Wednesday

29th Mar 2017

EU seeks code on Israeli settler goods by end of 2013

Foreign affairs chief Catherine Ashton wants an EU code on retail labels of Israeli settlement products by the end of the year.

She said in a letter to seven fellow members of the European Commission dated 8 July and seen by Israeli daily Haaretz that: "The guidelines could be adopted as a non-binding commission notice and published in the Official Journal of the EU before the end of 2013."

Dear EUobserver reader

Subscribe now for unrestricted access to EUobserver.

Sign up for 30 days' free trial, no obligation. Full subscription only 15 € / month or 150 € / year.

  1. Unlimited access on desktop and mobile
  2. All premium articles, analysis, commentary and investigations
  3. EUobserver archives

EUobserver is the only independent news media covering EU affairs in Brussels and all 28 member states.

♡ We value your support.

If you already have an account click here to login.

She noted: "I would highly appreciate your support for a political commitment of the college [of all 28 EU commissioners] as a whole and for all further efforts needed from your services."

The seven commissioners named in the letter - Viviane Reding, Antonio Tajani, Neven Mimica, Dacian Ciolos, Algirdas Semeta, Karel de Gucht and Michel Barnier - deal with portfolios ranging from consumer protection to anti-fraud.

Ashton noted that EU institutions in January completed a review of existing EU law on the subject.

Apart from the non-binding code of conduct on all products, the review said there should be "mandatory" labels on cosmetics, agricultural produce and some "non-food" items made by settler firms.

The project stems from an EU member states' agreement in May last year to "effectively implement" EU legislation in the area.

A group of 13 EU countries in a letter in April pledged political support for going ahead.

The group includes: Austria, Belgium, Denmark, Finland, France, Ireland, Luxembourg, Malta, the Netherlands, Portugal, Slovenia, Spain and the UK.

Three of them - Denmark, the Netherlands and the UK - already have domestic guidelines.

Two retailers in the Netherlands - Aldi and Hoogvliet - earlier recently settler goods altogether in order not to confuse their customers.

Ashton's end-of-year deadline for the EU labelling code comes after last week said it will no longer give grants to Israeli entities which are established on occupied land.

The move prompted a furious reaction by Israeli politicians, including accusations of European "anti-Semitism."

At the same time, the EU's decision on Monday to blacklist the military wing of Lebanese group Hezbollah - Israel's fiercest enemy in the region - drew Israeli praise.

The various EU moves come amid a US effort to restart Israeli-Palestinian peace talks.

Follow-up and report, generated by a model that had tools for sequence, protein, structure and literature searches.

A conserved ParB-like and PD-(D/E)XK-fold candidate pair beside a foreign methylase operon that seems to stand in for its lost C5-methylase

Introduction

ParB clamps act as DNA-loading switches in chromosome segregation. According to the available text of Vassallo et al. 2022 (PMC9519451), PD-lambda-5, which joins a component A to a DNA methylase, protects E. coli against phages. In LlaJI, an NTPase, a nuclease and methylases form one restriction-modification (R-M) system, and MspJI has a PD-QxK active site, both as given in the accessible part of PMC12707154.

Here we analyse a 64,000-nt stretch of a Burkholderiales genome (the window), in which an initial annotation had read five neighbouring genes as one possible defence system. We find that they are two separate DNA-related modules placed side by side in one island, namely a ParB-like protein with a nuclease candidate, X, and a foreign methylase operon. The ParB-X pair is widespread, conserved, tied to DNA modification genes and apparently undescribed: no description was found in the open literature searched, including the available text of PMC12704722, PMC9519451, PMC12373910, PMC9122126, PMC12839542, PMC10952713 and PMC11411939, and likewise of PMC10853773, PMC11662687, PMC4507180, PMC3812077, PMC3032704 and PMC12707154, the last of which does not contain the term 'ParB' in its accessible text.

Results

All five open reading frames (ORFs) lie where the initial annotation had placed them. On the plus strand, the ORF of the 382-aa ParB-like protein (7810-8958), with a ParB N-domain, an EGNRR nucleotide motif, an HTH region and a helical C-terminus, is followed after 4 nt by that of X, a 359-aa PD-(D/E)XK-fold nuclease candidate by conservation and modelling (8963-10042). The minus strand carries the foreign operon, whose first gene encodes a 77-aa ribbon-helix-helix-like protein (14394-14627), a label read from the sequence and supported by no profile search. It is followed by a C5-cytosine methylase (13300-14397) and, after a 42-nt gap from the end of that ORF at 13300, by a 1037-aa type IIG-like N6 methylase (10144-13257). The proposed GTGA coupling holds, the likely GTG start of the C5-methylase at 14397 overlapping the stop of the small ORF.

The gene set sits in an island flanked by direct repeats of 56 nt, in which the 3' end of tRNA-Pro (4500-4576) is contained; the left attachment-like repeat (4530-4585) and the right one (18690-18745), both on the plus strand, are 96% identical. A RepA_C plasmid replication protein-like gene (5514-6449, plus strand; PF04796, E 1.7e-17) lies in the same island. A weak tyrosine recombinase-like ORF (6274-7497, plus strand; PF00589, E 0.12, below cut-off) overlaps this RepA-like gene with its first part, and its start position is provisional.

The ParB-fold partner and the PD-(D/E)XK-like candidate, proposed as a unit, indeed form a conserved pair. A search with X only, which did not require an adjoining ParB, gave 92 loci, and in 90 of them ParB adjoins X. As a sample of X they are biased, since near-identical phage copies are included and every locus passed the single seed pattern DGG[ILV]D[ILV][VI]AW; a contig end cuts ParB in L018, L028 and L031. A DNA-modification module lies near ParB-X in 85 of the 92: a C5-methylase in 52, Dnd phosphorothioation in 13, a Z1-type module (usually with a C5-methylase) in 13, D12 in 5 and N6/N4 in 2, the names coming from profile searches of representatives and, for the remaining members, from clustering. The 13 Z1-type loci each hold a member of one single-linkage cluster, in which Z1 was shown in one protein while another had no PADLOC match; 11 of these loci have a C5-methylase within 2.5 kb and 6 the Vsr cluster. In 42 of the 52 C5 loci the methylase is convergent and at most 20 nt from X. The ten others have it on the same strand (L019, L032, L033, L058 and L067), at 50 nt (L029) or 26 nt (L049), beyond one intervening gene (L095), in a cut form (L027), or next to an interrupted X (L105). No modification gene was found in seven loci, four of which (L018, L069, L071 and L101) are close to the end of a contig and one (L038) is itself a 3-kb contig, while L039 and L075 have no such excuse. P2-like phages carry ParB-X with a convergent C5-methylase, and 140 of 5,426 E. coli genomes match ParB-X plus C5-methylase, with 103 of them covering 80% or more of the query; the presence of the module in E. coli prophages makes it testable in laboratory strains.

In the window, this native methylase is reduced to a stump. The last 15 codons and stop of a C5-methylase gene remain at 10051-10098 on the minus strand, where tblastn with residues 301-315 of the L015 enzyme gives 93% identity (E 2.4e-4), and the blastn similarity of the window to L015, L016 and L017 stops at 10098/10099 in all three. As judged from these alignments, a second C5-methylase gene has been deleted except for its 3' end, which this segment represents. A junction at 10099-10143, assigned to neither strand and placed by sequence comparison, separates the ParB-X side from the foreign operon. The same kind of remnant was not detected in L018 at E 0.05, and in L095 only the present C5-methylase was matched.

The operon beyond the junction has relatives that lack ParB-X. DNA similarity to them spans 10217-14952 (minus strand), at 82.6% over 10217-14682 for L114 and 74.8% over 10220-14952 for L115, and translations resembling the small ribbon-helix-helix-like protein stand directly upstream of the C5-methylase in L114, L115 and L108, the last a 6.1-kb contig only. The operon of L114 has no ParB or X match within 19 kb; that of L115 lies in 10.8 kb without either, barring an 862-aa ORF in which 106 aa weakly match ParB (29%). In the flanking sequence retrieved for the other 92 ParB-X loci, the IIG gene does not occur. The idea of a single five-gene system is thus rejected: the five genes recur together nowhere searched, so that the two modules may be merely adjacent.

EU foreign ministers on Monday said they "will give active and concrete support to help ensure negotiations between the parties are successful."

But in a nod to settlements, they also said they will "address all issues that put the viability of the two-state solution at risk."

Some analysts believe the EU's tough line on settlements and its Hezbollah decision are linked to the US initiative, with Europe trying to goad and cajole the two sides into serious talks.

But EU diplomats dismissed the idea on Monday.

"They are all separate issues, they are not connected," one contact told EUobserver.

Israel over the past year approved 6,600 new housing units for settlers, while demolishing 535 Palestinian-owned structures on Palestinian land.

More than half a million Jewish settlers now live on land conquered by Israel in the 1967 Arab-Israeli war.

Analysis

Lukashenka: End of an era?

The political spring in Belarus ended just as the actual season began, but greater changes loom after 23 years of dictatorship.

News in Brief

  1. Support for Germany's anti-EU party fading
  2. Turkish intelligence not welcome in Germany
  3. US senate approves Montenegro’s Nato bid
  4. Scottish MPs give go ahead to seek referendum
  5. Uber pulls out of Denmark over new taxi-regulation
  6. EU court validates sanctions on Russia's Rosneft
  7. Luxembourg to team up with Ireland in Apple tax appeal
  8. EU majority against GM crops, but not enough to block them

Stakeholders' Highlights

  1. The Idealist QuarterlyCan Progressive Stories Survive Our Post-Truth Era? After-Work Discussion on 6 April
  2. ACCAG20 Citizens Want 'Big Picture' Tax Policymaking, According to Global Survey
  3. Belgrade Security ForumCall for Papers: European Union as a Global Crisis Manager - Deadline 30 April
  4. European Gaming & Betting Association60 Years Rome Treaty – 60 Years Building an Internal Market
  5. Malta EU 2017New EU Rules to Prevent Terrorism and Give More Rights to Victims Approved
  6. European Jewish Congress"Extremists Still Have Ability and Motivation to Murder in Europe" Says EJC President
  7. European Gaming & Betting AssociationAudiovisual Media Services Directive to Exclude Minors from Gambling Ads
  8. ILGA-EuropeTime for a Reality Check on International Day for the Elimination of Racial Discrimination
  9. UNICEFHuman Cost to Refugee and Migrant Children Mounts Up One Year After EU-Turkey Deal
  10. Malta EU 2017Council Adopts New Rules to Improve Safety of Medical Devices
  11. Nordic Council of MinistersNordic Energy Research: How to Reach 100 Percent Renewable Energy
  12. Party of European SocialistsWe Must Renew Europe for All Europeans